Soprano Bayrakdarian, pianist Kradjian light up Mandel Hall

Sat Mar 03, 2012 at 1:29 pm

By Wynne Delacoma

Soprano Isabel Bayrakdarian performed Friday night at Mandel Hall.

If the opera thing doesn’t work out for soprano Isabel Bayrakdarian, she can always find international renown as a tango singer.

Not that opera isn’t working well for Bayrakdarian, who held a large Mandel Hall audience rapt during a solo recital Friday night. Lyric Opera audiences remember her heart-breaking Euridice in Gluck’s Orfeo in 2006, and her schedule includes guest appearances with such major orchestras as the Boston Symphony and New York Philharmonic.

But Bayrakdarian, born in Lebanon of Armenian descent and now based in Canada, is obviously fascinated by all types of music. Accompanied by her husband, pianist Serouj Kradjian, her Mandel Hall program ranged from Liszt, Berlioz and Chausson to Armenian folk tunes, from a song cycle by contemporary American composer Jake Heggie to four sexy love songs by 20th-century Spanish composer Fernando Obradors. She all but set the staid Mandel Hall venue on fire with her final set of tangos by Carlos Gardel and Astor Piazzolla, tossing in an Armenian tango (who knew?) for good measure.

This is a charismatic soprano clearly at home in whatever kind of music she pleases to sing. Pleasure was the operative concept for both performers and audience, and a sense of spontaneity enlivened the evening.  Bayrakdarian and Kradjian changed their planned repertoire, adding Heggie’s Songs and Sonnets to Ophelia and dropping excerpts from Rossini operas. She announced the Armenian tango as a last-minute addition from the stage. In their final encore, which turned Rossini’s comic Cat Duet into a witty version for one overwrought singer and one put-upon pianist, they seemed to be enjoying themselves as much as the audience.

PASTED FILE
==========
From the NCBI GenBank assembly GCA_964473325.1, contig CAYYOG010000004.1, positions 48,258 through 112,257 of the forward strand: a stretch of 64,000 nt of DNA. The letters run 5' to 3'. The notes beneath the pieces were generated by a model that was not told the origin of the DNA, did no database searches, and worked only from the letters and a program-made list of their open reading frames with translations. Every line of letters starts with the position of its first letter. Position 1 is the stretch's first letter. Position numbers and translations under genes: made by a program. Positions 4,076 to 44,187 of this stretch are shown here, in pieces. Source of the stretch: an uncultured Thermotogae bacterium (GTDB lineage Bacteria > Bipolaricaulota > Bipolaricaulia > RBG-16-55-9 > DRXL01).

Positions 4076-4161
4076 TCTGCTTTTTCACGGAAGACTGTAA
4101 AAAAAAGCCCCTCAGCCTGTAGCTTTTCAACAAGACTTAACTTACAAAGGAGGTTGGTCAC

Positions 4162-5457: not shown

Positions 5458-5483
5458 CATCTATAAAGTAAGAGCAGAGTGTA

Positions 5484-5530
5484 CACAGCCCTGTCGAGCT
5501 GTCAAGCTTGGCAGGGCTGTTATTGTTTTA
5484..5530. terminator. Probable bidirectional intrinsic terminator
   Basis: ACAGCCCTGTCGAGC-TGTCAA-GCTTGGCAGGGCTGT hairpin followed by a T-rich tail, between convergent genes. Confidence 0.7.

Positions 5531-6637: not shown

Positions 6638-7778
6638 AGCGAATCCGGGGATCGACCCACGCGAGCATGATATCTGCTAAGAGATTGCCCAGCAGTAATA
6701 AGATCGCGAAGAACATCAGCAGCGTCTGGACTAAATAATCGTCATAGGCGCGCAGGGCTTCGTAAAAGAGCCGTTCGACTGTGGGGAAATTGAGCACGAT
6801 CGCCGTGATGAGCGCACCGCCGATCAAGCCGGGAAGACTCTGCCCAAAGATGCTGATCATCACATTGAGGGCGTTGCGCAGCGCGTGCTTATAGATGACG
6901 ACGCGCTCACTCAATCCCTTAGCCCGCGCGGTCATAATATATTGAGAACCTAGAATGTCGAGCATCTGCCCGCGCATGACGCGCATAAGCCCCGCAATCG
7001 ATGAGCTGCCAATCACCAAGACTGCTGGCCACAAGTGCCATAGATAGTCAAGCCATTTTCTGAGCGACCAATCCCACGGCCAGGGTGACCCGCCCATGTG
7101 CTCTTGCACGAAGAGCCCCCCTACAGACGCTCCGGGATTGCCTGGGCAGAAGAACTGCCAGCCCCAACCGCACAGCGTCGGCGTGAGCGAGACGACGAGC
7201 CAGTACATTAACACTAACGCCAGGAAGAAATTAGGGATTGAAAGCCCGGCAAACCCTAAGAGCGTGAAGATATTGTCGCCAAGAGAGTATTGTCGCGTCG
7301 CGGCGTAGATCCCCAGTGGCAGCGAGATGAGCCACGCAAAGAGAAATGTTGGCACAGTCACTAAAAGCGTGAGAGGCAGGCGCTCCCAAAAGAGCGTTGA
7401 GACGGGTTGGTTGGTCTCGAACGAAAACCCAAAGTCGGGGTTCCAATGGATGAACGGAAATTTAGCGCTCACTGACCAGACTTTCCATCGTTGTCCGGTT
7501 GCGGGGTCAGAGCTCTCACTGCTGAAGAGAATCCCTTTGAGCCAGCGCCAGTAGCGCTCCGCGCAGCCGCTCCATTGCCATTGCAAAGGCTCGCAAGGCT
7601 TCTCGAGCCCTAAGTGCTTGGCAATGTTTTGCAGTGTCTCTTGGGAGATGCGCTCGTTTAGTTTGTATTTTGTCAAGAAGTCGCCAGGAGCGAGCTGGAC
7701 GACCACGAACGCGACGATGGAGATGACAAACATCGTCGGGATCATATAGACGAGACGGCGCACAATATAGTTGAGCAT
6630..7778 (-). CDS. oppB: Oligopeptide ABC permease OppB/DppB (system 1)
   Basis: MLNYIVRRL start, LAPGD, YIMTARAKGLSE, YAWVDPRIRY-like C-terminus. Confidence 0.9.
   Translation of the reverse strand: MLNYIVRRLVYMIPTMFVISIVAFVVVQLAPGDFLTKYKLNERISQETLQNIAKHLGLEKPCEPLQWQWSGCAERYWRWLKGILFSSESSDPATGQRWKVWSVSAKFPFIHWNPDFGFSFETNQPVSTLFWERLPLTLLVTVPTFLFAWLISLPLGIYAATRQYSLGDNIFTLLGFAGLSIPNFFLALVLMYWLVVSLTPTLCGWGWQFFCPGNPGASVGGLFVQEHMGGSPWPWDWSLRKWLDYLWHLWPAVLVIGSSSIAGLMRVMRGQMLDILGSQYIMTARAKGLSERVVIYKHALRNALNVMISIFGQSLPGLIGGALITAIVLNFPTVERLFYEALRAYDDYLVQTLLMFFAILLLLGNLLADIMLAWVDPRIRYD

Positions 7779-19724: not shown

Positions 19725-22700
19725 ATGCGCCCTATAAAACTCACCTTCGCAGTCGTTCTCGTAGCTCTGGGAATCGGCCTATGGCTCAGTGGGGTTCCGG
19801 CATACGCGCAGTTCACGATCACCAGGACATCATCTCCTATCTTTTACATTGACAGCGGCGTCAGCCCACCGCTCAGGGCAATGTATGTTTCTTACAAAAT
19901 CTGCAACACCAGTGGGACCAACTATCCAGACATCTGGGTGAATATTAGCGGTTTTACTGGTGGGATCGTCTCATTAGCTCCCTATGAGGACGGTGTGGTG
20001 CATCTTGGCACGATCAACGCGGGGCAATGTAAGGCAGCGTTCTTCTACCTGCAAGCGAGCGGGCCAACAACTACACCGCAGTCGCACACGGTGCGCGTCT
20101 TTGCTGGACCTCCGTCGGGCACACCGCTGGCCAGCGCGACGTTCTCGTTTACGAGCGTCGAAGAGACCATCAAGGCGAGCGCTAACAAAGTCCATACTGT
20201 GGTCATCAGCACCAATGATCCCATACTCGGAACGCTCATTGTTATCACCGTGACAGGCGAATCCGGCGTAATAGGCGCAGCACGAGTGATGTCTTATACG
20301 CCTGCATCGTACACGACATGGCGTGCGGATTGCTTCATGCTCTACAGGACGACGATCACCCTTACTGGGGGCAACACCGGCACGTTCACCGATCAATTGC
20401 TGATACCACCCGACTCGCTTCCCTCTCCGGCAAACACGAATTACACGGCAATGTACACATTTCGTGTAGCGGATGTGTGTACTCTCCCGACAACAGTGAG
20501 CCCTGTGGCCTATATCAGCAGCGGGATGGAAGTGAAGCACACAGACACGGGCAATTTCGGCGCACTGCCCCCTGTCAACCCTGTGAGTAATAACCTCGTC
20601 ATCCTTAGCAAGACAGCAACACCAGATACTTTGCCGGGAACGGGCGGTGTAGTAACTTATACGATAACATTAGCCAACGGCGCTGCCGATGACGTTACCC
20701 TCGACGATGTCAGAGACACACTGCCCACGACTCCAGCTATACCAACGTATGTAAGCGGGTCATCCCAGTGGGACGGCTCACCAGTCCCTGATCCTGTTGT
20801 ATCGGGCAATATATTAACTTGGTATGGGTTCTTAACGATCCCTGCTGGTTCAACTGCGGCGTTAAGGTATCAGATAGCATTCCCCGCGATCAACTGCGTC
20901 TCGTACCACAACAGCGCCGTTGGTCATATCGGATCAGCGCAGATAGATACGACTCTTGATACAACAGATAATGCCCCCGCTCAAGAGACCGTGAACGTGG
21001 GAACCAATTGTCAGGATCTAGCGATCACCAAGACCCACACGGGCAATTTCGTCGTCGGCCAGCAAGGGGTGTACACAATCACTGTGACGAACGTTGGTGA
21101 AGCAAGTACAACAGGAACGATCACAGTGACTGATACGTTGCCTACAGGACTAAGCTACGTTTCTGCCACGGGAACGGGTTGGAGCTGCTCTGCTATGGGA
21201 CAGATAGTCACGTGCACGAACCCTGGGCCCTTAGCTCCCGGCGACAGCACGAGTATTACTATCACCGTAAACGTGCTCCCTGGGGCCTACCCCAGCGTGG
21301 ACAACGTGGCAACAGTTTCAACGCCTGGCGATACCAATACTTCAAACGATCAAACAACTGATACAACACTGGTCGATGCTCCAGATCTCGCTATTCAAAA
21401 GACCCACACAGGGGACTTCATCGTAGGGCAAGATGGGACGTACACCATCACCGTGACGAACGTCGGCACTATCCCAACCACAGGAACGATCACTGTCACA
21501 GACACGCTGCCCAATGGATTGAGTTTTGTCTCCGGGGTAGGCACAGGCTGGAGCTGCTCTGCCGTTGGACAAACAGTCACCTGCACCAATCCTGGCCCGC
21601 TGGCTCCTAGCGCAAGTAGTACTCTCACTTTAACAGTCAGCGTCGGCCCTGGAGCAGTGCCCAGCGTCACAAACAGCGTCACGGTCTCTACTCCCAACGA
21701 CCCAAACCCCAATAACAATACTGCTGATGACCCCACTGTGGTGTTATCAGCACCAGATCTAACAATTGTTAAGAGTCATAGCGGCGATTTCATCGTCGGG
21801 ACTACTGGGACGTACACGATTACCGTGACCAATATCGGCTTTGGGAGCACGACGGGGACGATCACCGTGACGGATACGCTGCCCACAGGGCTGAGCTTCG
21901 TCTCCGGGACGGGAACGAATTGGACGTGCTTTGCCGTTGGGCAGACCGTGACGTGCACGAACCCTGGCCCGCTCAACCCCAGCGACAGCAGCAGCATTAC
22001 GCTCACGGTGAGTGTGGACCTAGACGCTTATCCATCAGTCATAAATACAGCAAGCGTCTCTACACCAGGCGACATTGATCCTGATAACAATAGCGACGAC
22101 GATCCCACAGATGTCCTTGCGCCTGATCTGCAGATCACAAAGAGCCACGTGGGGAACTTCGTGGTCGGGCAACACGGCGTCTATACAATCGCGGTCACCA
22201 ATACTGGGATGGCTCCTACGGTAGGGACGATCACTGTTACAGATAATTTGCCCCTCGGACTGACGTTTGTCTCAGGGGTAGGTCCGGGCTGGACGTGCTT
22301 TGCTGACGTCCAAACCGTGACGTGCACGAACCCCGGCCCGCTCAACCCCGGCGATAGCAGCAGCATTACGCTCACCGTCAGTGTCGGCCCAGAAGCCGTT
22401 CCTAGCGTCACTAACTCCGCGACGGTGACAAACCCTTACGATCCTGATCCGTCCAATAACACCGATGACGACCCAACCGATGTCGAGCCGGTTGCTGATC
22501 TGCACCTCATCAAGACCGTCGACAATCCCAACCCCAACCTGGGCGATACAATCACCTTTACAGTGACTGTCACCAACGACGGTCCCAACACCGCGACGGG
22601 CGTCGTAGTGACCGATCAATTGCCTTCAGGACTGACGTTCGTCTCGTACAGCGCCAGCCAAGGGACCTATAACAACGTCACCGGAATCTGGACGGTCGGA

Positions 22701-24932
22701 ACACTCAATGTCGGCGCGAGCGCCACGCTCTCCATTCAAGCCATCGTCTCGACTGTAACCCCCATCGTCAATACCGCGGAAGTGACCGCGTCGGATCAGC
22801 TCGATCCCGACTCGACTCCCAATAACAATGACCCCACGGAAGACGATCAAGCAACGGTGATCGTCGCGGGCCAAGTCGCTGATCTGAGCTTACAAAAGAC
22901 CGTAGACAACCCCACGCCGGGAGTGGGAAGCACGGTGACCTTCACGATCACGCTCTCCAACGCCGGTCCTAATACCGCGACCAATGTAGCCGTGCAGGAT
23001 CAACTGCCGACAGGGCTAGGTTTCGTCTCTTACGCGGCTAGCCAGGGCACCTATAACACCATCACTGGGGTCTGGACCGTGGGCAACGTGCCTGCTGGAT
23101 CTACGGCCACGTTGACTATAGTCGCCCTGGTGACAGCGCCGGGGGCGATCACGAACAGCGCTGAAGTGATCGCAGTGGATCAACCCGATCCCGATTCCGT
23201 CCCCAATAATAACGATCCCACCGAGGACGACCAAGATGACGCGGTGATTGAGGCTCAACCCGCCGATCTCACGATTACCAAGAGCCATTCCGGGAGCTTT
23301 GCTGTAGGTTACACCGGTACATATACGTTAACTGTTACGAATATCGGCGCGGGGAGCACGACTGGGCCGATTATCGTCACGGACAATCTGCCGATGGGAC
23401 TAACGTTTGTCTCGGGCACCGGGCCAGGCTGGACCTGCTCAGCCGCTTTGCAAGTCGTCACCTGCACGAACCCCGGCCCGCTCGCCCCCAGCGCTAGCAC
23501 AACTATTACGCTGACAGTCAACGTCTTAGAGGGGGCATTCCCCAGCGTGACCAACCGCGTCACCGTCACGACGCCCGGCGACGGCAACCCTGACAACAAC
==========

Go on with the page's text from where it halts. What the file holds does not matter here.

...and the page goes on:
Bayrakdarian is svelte and petite, with dark hair and eyes, but her voice is a strong, ringing instrument. Her singing was agile and full of expression Friday night, often soaring to roof-rattling heights, but also drawing us in with intimate, almost conversational phrasing.

A haunted quality pervaded many of the selections. In her first song, Liszt’s gypsy-flavored Die drei Zigeuner, her a cappella opening line hung in the air like a mysterious tune from an exotic land. The long, touching melodies of Berlioz’s La mort d’Ophelie had a similar floating quality. They unfurled seamlessly, never touching the ground, like the river that swept Shakespeare’s young lover to her death.

The tangos and Spanish songs, however, were the evening’s highlight. Abetted by Kradjian’s incendiary piano, Bayrakdarian tore through the rapid-fire, short-breathed phrases of Piazzolla’s bitter Che tango che. An infuriated lover, she was battered but unbowed. Her first encore, the familiar Malaquena by Ernesto Lecuona, was a slower burn, though no less red-hot.

Kradjian provided glorious color throughout the evening, whether in the complex thunder and quiet shimmer of the Liszt songs or the lyrical flow of Heggie’s tunes.  But he set his own musical fire when he took center-stage in Osvaldo Golijov’s Levante for solo piano. He ripped through the high-speed mashup of jazz, stride piano and tango like the best kind of honky-tonk piano virtuoso. I’d love to see these two performers in a jazz club sometime, but only if plenty of fire extinguishers were on hand.

Posted in Performances

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